Today we celebrate the Ascension of Jesus into Heaven, 40 days after Easter. The First Reading recounts this episode at the beginning of the Acts of the Apostles. Here we hear about the final separation of the Lord Jesus from his disciples and from this world. The Gospel of Matthew, however, focuses on Jesus’ mandate to his disciples: the invitation to go out, to set out, in order to proclaim to all nations his message of salvation. “To go” or better, “depart” becomes the key word of today’s feast: Jesus departs to the Father and commands his disciples depart for the world.

Pope Francis puts it this way…

“Jesus departs, he ascends to Heaven, that is, he returns to the Father from whom he had been sent to the world. He finished his work, thus, he returns to the Father. But this does not mean a separation, for he remains forever with us, in a new way. By his ascension, the Risen Lord draws the gaze of the Apostles — and our gaze — to the heights of Heaven to show us that the end of our journey is the Father. He himself said that he would go to prepare a place for us in Heaven. Yet, Jesus remains present and active in the affairs of human history through the power and the gifts of his Spirit; he is beside each of us: even if we do not see him with our eyes, He is there! He accompanies us, he guides us, he takes us by the hand and he lifts us up when we fall down. The risen Jesus is close to persecuted and discriminated Christians; he is close to every man and woman who suffers. He is close to us all; he is here, … the Lord is with us! Do you believe this? Then let’s say it together: the Lord is with us!”

Pope Francis continues, saying…

“Jesus is present also through the Church, which He sent to extend his mission. Jesus’ last message to his disciples is the mandate to depart: “Go therefore and make disciples of all nations” (Mt 28:19). It is a clear mandate, not just an option! The Christian community is a community “going forth”, “in departure”. More so: the Church was born “going forth.” … To his missionary disciples Jesus says: “I am with you always, to the close of the age” (v. 20). Alone, without Jesus, we can do nothing! In Apostolic work our own strengths, our resources, our structures do not suffice, even if they are necessary. Without the presence of the Lord and the power of his Spirit our work, though it may be well organized, winds up being ineffective. And thus, we go to tell the nations who Jesus is.”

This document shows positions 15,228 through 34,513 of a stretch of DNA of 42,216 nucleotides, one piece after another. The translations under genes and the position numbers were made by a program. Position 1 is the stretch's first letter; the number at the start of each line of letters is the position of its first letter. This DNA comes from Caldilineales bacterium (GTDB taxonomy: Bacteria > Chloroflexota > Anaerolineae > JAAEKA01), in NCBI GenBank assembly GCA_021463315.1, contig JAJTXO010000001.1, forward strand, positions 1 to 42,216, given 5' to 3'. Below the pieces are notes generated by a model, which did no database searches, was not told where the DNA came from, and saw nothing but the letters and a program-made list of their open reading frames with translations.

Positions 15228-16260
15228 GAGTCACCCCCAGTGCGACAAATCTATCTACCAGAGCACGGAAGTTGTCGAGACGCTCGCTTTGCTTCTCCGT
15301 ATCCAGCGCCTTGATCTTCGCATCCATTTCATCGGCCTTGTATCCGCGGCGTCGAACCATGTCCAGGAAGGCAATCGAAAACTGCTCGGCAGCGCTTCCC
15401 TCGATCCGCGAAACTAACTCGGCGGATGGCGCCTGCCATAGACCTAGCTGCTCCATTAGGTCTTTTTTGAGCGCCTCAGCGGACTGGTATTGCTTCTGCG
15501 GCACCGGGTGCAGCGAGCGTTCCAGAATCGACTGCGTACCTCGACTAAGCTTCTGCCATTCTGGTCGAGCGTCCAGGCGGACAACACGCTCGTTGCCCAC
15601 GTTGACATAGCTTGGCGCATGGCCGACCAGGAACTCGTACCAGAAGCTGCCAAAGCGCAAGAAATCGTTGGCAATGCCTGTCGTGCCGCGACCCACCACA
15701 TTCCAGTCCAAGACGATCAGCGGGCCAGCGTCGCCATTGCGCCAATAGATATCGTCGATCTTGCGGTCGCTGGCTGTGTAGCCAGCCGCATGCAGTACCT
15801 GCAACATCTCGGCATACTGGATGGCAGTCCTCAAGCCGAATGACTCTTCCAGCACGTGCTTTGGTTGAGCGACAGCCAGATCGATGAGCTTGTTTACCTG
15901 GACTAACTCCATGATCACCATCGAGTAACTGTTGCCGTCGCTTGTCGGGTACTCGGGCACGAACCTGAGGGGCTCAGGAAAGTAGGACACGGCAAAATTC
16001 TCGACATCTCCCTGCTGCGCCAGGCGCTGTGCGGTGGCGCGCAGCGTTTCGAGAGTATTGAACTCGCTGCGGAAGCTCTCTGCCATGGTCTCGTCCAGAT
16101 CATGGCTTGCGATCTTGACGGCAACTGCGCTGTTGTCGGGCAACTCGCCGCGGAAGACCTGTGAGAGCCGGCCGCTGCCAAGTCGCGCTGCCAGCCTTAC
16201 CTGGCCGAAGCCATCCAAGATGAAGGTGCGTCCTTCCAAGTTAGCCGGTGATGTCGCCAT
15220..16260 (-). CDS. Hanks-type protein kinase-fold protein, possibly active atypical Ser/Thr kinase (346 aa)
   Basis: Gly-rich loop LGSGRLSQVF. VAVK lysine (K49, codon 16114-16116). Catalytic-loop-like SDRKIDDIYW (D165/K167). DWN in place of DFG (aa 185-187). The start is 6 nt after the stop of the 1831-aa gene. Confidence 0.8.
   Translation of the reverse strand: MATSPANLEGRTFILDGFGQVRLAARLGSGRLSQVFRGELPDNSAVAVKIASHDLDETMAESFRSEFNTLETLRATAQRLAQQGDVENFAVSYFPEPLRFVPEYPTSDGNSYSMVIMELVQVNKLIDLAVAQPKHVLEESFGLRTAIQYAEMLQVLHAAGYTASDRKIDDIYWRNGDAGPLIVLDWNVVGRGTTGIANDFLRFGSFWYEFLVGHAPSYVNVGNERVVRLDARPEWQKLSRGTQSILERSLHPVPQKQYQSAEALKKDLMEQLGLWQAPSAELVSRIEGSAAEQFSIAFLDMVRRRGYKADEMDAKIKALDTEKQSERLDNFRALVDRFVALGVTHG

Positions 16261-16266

When we celebrate the Ascension we are aware that Christ is seen through the works and words of those who are united to him through baptism: the church. To say that one is Christian – that we will represent Christ, making him present here and now, is an awesome mission. You may like to ask Jesus how he is calling you to live out this mission in a new way. How can you make Christ present here and now in the week ahead?

The Ascension is not a cosy feast: it should make us feel uncomfortable. If we believe that Christ has ascended, then we need to be willing to challenge corruption, untruth, intolerance, and all that enslaves. Have we been standing idle looking into heaven for too long? How can we shift our eyes enough to see even more the needs of our neighbour’s and of the world?

Jesus’ final words are an important encouragement to us, especially at this time. Even though we cannot physically participate in the sacraments, Jesus assures us that he is with us always. Spend a moment in prayer, thanking Jesus for his abiding presence and asking for an ongoing sense of this closeness as you continue living as a missionary disciple.

Closing Prayer

Dear Lord Jesus Christ, right before your Ascension into heaven you told your
apostles to be witnesses to the ends of the earth upon receiving the Holy Spirit.

May we also be inspired to spread your Gospel message in word and deed,
according to your will for us. And may we do so joyfully, with your help,
your guidance, and your grace. And remembering this glorious event,
help us to seek what is above, where you are seated at the
right hand of God the Father.

Sing or listen